Costs and benefits of predator-induced defense in a toxic diatom

Wednesday 13 Apr 22



Thomas Kiørboe
DTU Aqua
+45 35 88 34 01

The bloom-forming diatom Pseudo-nitzschia produces a potent neurotoxin, domoic acid, that may cause closure of fisheries. The reason for its production has long been under debate. In a new study (in collaboration with the Natural History Museum of Denmark) we demonstrate a ‘private-good’ benefit to producing the toxins as toxic cells are more frequently rejected by grazing copepods. However, the production of toxins comes at a cost to the cells in terms of reduced growth rate.

The cosmopolitan diatom Pseudo-nitzschia often form dense blooms with severe consequences to marine ecosystems. The toxin it produces, domoic acid, accumulates in the food web and may lead to mass death of marine mammals such as seals and even whales. Toxin production is upregulated in the presence of copepod predators, suggesting they should have defensive benefits, but so far, the evidence has been but circumstantial. Using video-observations of copepod-phytoplankton interactions, we find that cells with increased toxin content have higher odds of being rejected by the copepods after capture, thus, demonstrating a ‘private-benefit’ of the defense that only the cells producing the toxins enjoys. This mechanism may play a role in allowing these cells to form blooms during times of intense grazing pressure.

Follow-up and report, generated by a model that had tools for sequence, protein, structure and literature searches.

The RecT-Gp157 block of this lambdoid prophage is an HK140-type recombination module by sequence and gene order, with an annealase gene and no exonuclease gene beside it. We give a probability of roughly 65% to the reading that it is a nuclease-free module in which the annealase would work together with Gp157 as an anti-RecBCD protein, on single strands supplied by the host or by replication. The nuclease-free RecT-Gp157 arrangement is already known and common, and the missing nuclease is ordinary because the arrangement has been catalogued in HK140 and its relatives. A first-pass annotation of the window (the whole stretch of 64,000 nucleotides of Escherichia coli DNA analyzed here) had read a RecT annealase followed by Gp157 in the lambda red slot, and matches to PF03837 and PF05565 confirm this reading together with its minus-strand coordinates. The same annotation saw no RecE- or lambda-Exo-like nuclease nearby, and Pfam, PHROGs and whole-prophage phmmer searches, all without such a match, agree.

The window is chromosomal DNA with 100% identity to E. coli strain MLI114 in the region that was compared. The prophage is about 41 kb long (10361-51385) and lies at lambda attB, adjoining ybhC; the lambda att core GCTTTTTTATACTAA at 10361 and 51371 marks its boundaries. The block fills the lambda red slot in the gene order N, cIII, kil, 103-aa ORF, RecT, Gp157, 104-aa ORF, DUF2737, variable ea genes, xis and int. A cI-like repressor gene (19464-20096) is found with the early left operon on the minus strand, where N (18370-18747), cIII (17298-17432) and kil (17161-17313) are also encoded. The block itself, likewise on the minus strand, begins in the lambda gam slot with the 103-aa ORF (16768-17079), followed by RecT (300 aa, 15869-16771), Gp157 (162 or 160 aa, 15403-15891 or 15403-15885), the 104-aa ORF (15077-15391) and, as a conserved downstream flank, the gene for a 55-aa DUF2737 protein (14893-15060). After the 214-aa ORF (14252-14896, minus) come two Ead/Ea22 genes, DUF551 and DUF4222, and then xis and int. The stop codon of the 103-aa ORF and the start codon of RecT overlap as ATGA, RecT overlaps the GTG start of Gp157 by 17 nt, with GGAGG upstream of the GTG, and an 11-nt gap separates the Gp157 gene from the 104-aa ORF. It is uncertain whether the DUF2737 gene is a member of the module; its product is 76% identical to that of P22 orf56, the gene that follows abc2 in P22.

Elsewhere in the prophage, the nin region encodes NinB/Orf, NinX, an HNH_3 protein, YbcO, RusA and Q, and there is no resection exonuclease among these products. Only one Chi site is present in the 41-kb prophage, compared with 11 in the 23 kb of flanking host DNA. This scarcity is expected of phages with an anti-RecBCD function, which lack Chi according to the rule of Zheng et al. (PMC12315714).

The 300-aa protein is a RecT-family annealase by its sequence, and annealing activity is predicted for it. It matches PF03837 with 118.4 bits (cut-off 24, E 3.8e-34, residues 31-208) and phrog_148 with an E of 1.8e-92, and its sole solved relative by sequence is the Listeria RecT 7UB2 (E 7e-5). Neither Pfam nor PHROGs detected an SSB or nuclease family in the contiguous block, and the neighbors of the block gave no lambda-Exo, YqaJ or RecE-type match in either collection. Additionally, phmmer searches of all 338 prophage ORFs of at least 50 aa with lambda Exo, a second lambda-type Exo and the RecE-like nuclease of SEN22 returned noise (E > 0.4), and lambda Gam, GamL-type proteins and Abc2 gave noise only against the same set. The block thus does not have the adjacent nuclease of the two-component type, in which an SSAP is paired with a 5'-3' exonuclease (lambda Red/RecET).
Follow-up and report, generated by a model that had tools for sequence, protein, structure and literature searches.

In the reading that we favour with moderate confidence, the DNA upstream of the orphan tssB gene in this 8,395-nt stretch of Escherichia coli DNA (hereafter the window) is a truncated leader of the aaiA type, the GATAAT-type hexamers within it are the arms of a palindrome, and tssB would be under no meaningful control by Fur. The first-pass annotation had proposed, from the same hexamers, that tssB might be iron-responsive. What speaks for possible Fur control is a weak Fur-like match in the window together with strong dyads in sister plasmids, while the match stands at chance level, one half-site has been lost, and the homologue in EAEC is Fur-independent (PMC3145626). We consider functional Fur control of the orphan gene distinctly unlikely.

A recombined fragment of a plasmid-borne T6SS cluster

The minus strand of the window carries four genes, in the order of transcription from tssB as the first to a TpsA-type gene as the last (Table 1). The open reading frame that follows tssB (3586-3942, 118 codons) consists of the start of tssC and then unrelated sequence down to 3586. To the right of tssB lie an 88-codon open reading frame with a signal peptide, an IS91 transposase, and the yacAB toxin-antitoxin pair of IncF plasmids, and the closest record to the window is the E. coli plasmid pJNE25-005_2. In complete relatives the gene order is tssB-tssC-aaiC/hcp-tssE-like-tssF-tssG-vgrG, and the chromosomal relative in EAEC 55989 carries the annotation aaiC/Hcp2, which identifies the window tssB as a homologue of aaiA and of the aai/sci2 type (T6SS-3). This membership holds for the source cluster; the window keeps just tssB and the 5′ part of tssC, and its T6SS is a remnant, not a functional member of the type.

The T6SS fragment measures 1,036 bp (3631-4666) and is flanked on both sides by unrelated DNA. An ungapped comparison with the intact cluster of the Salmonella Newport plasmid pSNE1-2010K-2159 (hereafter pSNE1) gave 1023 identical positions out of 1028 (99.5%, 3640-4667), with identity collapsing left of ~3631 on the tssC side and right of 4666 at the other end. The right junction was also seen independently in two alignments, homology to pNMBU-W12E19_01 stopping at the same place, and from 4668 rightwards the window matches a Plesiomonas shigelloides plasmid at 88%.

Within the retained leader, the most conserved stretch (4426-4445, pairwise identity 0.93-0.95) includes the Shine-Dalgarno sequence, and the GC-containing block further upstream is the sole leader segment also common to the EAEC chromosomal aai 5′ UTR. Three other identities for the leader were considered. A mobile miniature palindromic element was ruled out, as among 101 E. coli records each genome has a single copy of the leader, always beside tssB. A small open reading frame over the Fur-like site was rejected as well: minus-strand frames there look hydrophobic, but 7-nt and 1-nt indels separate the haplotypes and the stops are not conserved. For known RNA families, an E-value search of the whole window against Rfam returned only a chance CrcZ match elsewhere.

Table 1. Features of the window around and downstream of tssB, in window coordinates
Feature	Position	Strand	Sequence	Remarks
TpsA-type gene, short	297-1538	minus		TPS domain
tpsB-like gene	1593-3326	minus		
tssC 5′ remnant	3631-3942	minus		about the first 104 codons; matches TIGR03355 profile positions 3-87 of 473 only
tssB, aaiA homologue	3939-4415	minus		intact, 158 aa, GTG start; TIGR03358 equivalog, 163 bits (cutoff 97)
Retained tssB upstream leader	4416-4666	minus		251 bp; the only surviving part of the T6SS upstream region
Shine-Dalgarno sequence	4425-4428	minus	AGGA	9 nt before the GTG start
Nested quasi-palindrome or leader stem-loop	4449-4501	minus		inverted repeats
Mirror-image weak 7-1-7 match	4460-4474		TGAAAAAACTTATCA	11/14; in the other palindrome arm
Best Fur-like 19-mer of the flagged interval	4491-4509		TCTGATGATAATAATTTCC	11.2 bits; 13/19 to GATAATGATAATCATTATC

Defense mechanisms must come at a cost to the organism, otherwise all phytoplankton would evolve towards the same level of defense. By exposing eight genetically different strains  of P. seriata we find that cells that increase their toxin production grow slower, and that the trade-off is similar between strains despite a three-fold different in growth rate.


Read the paper here:

Olesen A.J., F. Ryderheim, B. Krock, N. Lundholm, and T. Kiørboe. 2022. Costs and benefits of predator-induced defense in a toxic diatom. Proc. R. Soc. B. 289: 20212725. doi:10.1098/rspb.2021.2735.
16 MAY 2022